Preet isn’t even a voter
Mulls run, but didn’t register for yrs.
ALBANY — If former Manhattan U.S. Attorney Preet Bharara has designs on running for state attorney general, he might want to register to vote first.
Bharara was purged from the voter rolls effective Jan. 31, 2006, according to records provided to the Daily News by the state Board of Elections.
He never registered during his time as U.S. attorney from 2009 to 2017, when he was fired by President Trump. Nor did he register after he left the job, according to records.
State Board of Elections spokeswoman Cheryl Couser said there is no provision in law to shield the names from the public of high-profile voters like a prosecutor.
“It’s the ultimate hypocrisy,” said Republican consultant O’Brien Murray. “He’s trying to tell us what to do and he won’t even register to vote.”
Blair Horner, of the New York Public Interest Research Group, expressed surprise Bharara is not registered. “We urge all Americans and New Yorkers to vote, but whether or not he chooses to do it, it’s a free country,” he said.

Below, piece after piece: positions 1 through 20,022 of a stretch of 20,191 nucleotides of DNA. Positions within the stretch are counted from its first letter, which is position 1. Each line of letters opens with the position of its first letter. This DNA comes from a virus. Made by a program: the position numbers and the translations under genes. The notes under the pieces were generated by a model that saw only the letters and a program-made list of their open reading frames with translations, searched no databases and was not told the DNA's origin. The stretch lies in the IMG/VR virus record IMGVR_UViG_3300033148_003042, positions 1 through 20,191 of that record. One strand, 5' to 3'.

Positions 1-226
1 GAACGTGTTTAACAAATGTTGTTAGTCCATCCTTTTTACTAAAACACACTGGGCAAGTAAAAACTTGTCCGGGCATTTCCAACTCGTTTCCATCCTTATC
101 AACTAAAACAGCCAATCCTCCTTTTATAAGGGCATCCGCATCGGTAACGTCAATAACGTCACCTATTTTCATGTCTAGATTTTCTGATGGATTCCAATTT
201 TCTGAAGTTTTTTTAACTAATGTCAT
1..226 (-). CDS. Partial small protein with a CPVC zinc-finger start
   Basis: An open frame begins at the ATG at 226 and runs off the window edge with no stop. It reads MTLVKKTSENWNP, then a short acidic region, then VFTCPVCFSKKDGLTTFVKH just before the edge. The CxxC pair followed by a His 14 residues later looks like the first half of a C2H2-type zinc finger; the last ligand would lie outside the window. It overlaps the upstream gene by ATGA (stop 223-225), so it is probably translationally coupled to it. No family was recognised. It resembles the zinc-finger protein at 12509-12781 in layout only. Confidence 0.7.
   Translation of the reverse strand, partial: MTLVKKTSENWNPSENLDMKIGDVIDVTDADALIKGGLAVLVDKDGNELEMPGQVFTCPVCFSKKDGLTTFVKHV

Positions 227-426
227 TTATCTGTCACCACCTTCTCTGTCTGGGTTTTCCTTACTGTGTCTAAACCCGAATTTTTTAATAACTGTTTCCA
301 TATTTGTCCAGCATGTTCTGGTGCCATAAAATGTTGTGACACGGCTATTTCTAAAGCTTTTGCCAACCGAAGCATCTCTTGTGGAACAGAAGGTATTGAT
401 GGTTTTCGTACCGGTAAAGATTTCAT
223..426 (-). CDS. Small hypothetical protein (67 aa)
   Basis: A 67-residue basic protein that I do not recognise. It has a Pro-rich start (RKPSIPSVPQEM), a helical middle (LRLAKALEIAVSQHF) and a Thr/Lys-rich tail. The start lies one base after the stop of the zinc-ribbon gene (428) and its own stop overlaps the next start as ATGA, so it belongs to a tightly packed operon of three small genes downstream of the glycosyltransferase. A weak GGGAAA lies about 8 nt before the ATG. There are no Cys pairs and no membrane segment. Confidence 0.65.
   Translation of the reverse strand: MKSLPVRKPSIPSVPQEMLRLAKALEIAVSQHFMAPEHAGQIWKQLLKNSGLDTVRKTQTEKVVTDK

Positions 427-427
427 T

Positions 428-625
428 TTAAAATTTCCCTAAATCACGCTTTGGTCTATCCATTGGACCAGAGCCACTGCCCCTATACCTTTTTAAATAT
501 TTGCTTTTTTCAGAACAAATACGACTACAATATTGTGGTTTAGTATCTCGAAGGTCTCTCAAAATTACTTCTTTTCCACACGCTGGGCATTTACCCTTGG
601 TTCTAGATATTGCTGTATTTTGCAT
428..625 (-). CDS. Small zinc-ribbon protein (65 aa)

Bharara could not be reached for comment.
Online records for the Maryland Board of Elections show that Bharara, while serving as counsel to Sen. Chuck Schumer (D-N.Y.) in D.C., registered to vote in 2006 as a Democrat while living in Bethesda.
But a source close to Bharara said that upon taking over as Manhattan U.S. attorney, Bharara chose not to register in order to maintain an aura of impartiality and nonpartisanship.
Someone running for office in New York does not legally have to be registered to vote under the law, Couser said.
But if Bharara wants to run on the Democratic or another line, he should register for that party before petitioning for the opportunity to get on the ballot begins June 5, Couser said.
He could also circulate nominating petitions to run as an independent, which would not require him to register, Couser said.
Or he could remain unregistered and seek what is known as a Wilson-Pakula authorization from a party that allows a candidate not enrolled in that party to run on the line.
He also has one other option — Reform Party Chairman Curtis Sliwa said the group’s executive committee on Thursday unanimously recommended Bharara be nominated for attorney general at the party’s convention on Sunday.
Former Manhattan U.S. Attorney Preet Bharara should get himself a voter registration form, since he’s been off the rolls since 2006.